Let the Data Speak for Itself: The Relationship Between Work and Health

Both before and after the Centers for Medicare and Medicaid Services’ (CMS) policy reversal on work requirements, stakeholders have debated whether employment leads to improved health outcomes. CMS and states that have implemented or are trying to implement work requirements argue they do, while others disagree. The recent research of the Kaiser Family Foundation (KFF), a nonpartisan organization, illuminates what the data says on the relationship between work and health. This piece provides a recap of KFF’s findings.

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CMS cautions non-expansion states about Medicaid work requirements

CMS Administrator Seema Verma is worried about a “subsidy cliff” in states that have not expanded Medicaid but are seeking to implement Medicaid work requirements.

The cliff impacts those who earn too much to qualify for Medicaid, but not enough to receive government subsidies. Verma is worried that if states without expanded Medicaid programs require recipients to get jobs, the added income will push them into this grey zone, leaving them without coverage.

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Trump Administration releases guidance on Medicaid work requirements

What happened?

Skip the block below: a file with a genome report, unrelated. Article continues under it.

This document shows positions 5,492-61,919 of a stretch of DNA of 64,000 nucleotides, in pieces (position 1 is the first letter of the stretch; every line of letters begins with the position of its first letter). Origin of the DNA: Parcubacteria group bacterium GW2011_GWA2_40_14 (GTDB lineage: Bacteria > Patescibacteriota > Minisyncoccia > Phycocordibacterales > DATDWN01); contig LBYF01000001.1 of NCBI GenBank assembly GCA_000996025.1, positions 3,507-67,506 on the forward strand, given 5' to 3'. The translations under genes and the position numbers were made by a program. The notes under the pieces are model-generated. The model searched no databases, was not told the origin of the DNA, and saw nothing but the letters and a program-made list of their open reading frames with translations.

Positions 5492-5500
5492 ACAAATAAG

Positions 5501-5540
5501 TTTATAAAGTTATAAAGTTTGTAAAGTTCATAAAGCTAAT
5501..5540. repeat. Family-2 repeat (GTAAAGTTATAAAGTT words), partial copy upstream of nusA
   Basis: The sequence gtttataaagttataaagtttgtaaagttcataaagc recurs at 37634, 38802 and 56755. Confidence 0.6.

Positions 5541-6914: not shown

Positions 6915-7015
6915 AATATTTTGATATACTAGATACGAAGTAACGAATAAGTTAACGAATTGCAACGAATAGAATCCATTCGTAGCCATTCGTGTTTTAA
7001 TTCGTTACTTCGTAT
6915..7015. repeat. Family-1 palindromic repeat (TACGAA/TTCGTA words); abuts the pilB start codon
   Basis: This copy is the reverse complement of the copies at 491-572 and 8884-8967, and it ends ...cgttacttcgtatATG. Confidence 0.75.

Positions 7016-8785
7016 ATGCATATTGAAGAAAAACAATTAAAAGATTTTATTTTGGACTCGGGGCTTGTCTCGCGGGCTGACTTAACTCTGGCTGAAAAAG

In a major shift that could affect millions of low-income people receiving benefits, The Trump Administration announced Thursday, January 11, that it will open the door for states to require work requirements for Medicaid recipients.  

The guidance was published in a letter from CMS Deputy Administrator Brian Neale to State Medicaid Directors Thursday morning. In the letter, Deputy Administrator Neale stated that the move would help “improve Medicaid enrollee health and well-being through incentivizing work and community engagement.” 

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CMS signals support for Medicaid work requirements

Earlier this month, the head of the Centers for Medicare and Medicaid Services (CMS), Seema Verma, made an announcement conveying that CMS would approve waiver applications from states that would require Medicaid enrollees to participate in “community engagement” activities, otherwise known as work requirements. This follows a letter co-authored by Verma that encouraged state Medicaid directors to use these waivers to modify their Medicaid programs to empower consumers. To advocates, work requirements are a way to empower Medicaid enrollees by encouraging them to be independent, self-sufficient consumers of healthcare.

Here’s what you should know about the proposed work requirements for Medicaid:

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